I’m not sure if it was the flute flourishes, the drum strikes or the way the paper lanterns glowed red against the lapis of the blue hour. But something about traipsing amid the yama and hoko floats strewn around central Kyoto in the evenings leading up to the Gion Matsuri festival re-awakened me. “Me,” meaning the version of my consciousness that exists when I’m in Japan.
I wrote about this in another essay: I believe that travel creates branches in our being, that some essence of ourselves remains in each location (including in our home), unable to accompany our bodies as they speed through the upper atmosphere at hundreds of miles per hour.
The lanterns and the musical instruments. The smooth roughness of a passerby’s kimono fabric as she pushed past me. The click-clack of geta sandals on the pavement. And the vague woody aroma that could as easily have been musty tatami from one of the storefronts opened for the first time in months as it could the cologne of some ojisan passing through the crowd.
Maybe the sum of these stimuli booted up a long-dormant version of my operating system. Or maybe they simply triggered a chemical reaction that began to break the spell of my jet lag.
But I was in Japan, as reductive as a declaration like that might seem, declared on a website like this one. There was no mistaking that.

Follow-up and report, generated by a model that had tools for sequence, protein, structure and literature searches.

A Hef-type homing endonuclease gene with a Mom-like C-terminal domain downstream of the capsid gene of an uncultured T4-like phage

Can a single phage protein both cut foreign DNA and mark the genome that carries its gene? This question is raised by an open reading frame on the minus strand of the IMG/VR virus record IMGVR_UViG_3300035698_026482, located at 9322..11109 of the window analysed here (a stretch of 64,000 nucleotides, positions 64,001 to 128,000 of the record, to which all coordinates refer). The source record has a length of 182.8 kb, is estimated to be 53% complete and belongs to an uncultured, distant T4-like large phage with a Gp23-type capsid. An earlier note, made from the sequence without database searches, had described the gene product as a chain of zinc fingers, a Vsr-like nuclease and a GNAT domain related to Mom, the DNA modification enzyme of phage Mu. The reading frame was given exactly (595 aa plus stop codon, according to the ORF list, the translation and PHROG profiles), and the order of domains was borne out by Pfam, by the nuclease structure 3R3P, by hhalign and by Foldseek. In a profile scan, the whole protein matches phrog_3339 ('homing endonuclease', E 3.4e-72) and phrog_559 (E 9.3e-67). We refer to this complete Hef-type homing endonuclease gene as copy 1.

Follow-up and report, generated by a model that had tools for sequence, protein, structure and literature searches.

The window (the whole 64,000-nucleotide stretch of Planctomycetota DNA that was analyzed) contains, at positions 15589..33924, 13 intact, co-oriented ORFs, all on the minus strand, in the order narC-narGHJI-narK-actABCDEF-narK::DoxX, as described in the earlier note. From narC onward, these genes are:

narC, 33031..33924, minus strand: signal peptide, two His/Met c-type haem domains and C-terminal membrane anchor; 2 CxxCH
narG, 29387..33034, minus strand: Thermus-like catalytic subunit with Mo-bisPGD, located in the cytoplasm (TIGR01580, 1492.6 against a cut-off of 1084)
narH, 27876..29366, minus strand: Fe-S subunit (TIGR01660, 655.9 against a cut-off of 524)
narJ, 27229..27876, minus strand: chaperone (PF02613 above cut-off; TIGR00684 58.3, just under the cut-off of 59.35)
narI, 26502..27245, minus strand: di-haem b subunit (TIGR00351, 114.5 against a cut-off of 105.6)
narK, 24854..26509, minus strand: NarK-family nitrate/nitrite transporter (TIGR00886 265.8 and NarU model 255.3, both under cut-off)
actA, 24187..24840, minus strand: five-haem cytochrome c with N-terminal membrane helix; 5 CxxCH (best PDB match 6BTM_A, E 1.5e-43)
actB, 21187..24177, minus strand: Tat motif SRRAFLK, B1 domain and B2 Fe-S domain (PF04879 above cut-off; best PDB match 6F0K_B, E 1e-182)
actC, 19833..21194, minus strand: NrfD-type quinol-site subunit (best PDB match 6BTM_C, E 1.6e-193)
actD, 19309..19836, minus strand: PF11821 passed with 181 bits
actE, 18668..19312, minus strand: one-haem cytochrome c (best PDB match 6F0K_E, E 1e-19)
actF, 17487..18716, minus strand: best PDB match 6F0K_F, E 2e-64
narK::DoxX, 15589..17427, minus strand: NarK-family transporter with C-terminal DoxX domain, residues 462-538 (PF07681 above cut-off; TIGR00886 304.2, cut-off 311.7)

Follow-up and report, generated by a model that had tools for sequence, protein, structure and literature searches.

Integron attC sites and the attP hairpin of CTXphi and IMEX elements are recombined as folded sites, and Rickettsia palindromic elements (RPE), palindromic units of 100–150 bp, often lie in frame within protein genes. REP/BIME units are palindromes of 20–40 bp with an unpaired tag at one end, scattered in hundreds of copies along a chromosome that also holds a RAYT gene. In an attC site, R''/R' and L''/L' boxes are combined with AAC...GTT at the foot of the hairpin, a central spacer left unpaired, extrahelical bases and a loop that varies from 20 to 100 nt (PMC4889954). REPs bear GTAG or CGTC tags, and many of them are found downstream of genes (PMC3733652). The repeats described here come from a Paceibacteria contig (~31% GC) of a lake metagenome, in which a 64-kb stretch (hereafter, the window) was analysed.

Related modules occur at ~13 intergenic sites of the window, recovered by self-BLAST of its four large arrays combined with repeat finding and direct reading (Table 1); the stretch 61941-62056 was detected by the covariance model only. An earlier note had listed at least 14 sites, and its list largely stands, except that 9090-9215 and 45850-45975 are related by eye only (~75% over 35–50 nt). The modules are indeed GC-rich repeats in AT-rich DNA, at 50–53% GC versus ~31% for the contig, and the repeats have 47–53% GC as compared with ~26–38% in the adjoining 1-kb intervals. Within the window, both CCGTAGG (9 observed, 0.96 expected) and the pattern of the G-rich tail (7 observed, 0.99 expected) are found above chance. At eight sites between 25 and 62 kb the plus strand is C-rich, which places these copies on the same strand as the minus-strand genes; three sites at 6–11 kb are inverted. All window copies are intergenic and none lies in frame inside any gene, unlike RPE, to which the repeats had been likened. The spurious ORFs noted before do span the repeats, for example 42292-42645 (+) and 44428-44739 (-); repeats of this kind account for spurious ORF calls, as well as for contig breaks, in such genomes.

A few mornings later, I was approaching the Yasaka Namba Shrine in Osaka. Which morning is unimportant—they’re indistinguishable from one another at this time of year. Every day, the sun rises sometime during the four-o’clock hour; by the time things start to open just after six, there’s a stickiness in the air you can be sure will coat your body until your next shower, and maybe the one after that.
Then there are the locusts, whose song was an especially primal scream on the morning I’m referencing. I have no way of knowing how many inhabited the trees above the entrance to the shrine, which is supposed to be a lion’s head but doesn’t look especially cat-like to me.
But I did feel that they were less than welcoming, their chant far more muscular than any Buddhists’ (never mind that this this is a Shinto shrine), their timbre like 32nd notes hammered onto a violin’s E string with a thousand pounds of force and zero trace of rosin.